The expected Senate vote on Thursday over giving parents the right to order turn-around programs at their struggling schools is less about parents and more about undercutting the role of Florida’s powerful teacher’s unions, say labor organizers.
After numerous assaults on them last year, they have banded together this year in a united front to persuade legislators — mainly the fragile majority in the Senate — to stop efforts to undercut the unions.
The vote count on the so-called parent trigger bill appeared too close for its sponsors to call late Wednesday. But the alliance in opposition to it was clear.
Unions, which previously had worked independently to pursue their agendas, have locked arms in an election-year strategy to reward their friends and penalize enemies on a handful of union-breaking proposals this year.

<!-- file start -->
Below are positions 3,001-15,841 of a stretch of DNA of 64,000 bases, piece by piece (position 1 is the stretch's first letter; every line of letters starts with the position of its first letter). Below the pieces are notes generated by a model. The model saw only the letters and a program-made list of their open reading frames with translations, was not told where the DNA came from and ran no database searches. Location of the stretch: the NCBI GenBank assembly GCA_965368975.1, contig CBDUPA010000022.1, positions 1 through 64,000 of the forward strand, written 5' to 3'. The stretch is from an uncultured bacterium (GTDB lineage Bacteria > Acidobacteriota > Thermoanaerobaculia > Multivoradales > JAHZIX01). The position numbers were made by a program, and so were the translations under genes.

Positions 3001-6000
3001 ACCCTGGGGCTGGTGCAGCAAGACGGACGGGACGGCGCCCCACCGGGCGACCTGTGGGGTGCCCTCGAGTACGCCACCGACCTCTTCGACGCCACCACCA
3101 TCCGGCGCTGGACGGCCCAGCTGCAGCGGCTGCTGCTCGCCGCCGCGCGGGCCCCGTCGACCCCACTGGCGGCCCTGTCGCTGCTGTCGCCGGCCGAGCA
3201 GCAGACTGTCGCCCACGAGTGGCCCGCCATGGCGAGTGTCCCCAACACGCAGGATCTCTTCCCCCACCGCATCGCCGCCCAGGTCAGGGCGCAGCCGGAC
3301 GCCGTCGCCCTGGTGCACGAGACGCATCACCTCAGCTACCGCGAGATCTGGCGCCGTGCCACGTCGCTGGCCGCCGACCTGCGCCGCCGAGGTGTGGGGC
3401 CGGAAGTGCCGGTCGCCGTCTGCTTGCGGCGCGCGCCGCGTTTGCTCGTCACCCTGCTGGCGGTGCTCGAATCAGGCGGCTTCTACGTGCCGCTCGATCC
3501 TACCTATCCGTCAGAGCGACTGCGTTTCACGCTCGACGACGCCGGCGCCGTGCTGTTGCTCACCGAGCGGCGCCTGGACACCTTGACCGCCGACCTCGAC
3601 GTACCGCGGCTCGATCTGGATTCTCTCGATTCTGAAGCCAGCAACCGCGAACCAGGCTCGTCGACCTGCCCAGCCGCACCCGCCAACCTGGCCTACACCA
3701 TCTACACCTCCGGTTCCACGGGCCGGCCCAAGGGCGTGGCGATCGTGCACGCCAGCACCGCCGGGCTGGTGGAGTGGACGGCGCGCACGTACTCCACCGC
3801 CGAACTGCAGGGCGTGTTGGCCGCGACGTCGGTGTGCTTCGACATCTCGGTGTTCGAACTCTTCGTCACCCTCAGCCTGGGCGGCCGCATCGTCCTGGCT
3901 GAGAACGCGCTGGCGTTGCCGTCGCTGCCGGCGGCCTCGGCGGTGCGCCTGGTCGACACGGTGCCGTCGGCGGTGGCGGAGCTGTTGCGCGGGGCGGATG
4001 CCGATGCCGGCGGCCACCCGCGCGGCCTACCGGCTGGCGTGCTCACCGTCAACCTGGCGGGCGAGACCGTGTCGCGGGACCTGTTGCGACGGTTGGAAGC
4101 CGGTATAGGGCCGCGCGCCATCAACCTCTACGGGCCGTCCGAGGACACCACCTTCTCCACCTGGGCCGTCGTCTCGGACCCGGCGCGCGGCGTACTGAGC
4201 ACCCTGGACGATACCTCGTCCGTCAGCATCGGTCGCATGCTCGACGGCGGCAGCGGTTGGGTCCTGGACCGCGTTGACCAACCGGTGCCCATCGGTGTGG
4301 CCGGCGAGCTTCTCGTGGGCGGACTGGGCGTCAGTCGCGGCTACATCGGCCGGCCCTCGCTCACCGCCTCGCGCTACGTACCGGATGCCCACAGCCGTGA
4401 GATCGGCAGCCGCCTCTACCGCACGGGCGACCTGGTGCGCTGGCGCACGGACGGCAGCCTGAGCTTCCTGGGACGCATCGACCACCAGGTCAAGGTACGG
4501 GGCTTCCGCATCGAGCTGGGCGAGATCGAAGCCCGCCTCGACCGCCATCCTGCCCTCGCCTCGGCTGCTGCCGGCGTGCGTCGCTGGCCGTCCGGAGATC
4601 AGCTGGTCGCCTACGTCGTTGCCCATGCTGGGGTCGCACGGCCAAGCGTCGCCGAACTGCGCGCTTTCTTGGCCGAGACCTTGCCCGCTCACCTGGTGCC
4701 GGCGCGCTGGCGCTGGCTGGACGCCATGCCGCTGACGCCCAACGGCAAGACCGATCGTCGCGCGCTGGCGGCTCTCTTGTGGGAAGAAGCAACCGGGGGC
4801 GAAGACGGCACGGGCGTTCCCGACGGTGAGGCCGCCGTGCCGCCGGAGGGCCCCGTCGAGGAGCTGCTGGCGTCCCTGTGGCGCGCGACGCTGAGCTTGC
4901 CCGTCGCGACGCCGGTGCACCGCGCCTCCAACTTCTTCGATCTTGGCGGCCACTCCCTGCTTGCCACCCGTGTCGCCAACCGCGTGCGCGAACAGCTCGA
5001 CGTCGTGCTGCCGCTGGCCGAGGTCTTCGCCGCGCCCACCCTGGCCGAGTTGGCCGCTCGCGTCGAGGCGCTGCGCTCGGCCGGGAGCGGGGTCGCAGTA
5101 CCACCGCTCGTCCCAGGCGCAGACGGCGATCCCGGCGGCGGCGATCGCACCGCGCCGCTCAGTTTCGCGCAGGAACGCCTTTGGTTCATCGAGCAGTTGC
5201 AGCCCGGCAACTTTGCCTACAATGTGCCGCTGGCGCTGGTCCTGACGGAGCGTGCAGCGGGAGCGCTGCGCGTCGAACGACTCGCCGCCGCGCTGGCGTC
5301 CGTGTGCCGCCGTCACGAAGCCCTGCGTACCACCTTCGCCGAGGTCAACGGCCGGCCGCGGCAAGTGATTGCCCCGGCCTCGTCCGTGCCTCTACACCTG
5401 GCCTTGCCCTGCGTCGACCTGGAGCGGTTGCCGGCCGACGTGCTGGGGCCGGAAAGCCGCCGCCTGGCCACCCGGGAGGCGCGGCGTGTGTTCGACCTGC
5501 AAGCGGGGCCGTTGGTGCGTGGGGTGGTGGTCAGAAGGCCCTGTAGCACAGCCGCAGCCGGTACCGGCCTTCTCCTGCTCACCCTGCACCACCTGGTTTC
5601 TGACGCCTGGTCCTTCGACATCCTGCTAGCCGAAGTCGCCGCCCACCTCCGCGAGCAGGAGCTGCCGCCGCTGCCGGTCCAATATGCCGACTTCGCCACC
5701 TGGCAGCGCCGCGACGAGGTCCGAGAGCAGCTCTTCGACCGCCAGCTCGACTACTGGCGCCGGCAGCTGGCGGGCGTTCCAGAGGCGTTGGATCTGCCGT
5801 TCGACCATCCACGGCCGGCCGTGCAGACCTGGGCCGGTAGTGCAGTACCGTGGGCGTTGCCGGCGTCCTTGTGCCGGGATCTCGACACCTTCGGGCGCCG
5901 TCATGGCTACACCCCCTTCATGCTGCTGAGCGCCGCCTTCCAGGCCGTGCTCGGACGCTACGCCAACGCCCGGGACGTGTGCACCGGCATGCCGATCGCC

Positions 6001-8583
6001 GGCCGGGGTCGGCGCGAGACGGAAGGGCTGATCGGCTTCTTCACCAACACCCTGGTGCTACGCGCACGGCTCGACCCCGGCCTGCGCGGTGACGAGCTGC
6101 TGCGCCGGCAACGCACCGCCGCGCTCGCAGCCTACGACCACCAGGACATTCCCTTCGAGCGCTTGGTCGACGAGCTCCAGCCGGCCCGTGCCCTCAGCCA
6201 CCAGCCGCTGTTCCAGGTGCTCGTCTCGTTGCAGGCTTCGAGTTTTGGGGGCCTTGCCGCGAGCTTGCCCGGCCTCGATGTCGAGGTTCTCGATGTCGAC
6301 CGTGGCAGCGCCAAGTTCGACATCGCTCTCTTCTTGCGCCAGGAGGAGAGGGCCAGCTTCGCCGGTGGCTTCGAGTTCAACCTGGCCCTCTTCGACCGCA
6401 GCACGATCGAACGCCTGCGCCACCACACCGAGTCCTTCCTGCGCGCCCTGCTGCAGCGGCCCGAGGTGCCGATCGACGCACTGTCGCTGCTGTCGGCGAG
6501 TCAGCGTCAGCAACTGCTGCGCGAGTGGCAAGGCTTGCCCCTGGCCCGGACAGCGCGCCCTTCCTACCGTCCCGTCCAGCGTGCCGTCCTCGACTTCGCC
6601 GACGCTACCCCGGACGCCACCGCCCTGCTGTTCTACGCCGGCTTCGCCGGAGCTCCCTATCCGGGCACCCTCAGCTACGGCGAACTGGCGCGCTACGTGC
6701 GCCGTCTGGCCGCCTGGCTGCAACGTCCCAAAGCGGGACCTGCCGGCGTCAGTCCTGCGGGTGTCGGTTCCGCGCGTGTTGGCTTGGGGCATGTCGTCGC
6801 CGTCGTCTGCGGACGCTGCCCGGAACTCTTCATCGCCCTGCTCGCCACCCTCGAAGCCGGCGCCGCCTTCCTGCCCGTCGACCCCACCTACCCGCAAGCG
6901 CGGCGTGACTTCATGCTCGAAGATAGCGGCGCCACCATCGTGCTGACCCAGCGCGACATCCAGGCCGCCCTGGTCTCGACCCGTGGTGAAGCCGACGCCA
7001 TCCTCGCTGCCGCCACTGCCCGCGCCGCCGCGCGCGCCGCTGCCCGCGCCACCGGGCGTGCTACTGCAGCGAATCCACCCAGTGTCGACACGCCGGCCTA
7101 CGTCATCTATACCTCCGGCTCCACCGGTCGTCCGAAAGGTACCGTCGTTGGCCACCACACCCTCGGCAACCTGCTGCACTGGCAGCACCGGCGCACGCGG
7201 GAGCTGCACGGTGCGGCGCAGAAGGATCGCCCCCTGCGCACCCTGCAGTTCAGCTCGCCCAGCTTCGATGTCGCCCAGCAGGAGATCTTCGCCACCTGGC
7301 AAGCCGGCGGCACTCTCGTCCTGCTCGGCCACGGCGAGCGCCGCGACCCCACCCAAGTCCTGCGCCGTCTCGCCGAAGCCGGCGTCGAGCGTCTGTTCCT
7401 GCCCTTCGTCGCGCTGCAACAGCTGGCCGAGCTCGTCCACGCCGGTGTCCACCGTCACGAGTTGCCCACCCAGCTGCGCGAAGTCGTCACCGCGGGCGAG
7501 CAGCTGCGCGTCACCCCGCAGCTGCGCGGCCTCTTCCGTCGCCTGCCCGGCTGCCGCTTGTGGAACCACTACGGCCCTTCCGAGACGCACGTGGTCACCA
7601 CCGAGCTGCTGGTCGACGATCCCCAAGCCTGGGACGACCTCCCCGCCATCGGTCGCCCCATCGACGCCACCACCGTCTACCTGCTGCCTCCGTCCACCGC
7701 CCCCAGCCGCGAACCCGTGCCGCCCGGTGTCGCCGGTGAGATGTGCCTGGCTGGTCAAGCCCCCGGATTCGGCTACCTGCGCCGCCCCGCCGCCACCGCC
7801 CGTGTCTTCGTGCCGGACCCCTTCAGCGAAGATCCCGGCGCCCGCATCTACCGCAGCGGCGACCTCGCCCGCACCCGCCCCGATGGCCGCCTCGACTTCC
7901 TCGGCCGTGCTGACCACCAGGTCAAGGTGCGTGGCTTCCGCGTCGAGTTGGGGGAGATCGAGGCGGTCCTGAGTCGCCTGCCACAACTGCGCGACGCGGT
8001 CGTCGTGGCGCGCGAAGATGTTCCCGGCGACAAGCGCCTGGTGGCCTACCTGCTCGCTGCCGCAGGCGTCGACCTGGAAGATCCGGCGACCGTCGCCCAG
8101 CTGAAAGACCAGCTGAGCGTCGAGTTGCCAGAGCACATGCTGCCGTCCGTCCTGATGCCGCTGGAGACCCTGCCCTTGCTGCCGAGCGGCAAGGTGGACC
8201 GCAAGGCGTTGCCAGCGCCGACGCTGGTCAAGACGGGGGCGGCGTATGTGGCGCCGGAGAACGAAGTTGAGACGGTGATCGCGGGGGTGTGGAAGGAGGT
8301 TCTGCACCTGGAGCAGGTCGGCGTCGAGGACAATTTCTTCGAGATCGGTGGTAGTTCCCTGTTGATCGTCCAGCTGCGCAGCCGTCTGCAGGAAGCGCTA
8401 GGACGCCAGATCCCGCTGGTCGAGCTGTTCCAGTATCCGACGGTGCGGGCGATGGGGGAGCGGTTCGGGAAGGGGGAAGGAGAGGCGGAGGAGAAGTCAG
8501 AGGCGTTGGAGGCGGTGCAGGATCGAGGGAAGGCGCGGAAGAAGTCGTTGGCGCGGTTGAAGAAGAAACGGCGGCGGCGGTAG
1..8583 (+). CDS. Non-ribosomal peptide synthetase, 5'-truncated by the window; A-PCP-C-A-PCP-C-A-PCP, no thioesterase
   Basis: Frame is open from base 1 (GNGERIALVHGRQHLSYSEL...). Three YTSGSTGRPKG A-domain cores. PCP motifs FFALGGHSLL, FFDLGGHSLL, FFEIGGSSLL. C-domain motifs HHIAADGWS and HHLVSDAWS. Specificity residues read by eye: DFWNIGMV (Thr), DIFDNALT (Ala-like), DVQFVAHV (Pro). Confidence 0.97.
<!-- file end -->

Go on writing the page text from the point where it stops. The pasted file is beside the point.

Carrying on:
The alliance extends to police, fire, nurses and other public safety workers, said Robert Suarez of Miami, vice president of the Florida Professional Firefighters.
“We jeopardize a lot of the security that we typically have among our supporters by building these coalitions,’’ Suarez said. “But we’re much stronger in representing the working class people if labor unions coordinate more together.” Keep reading.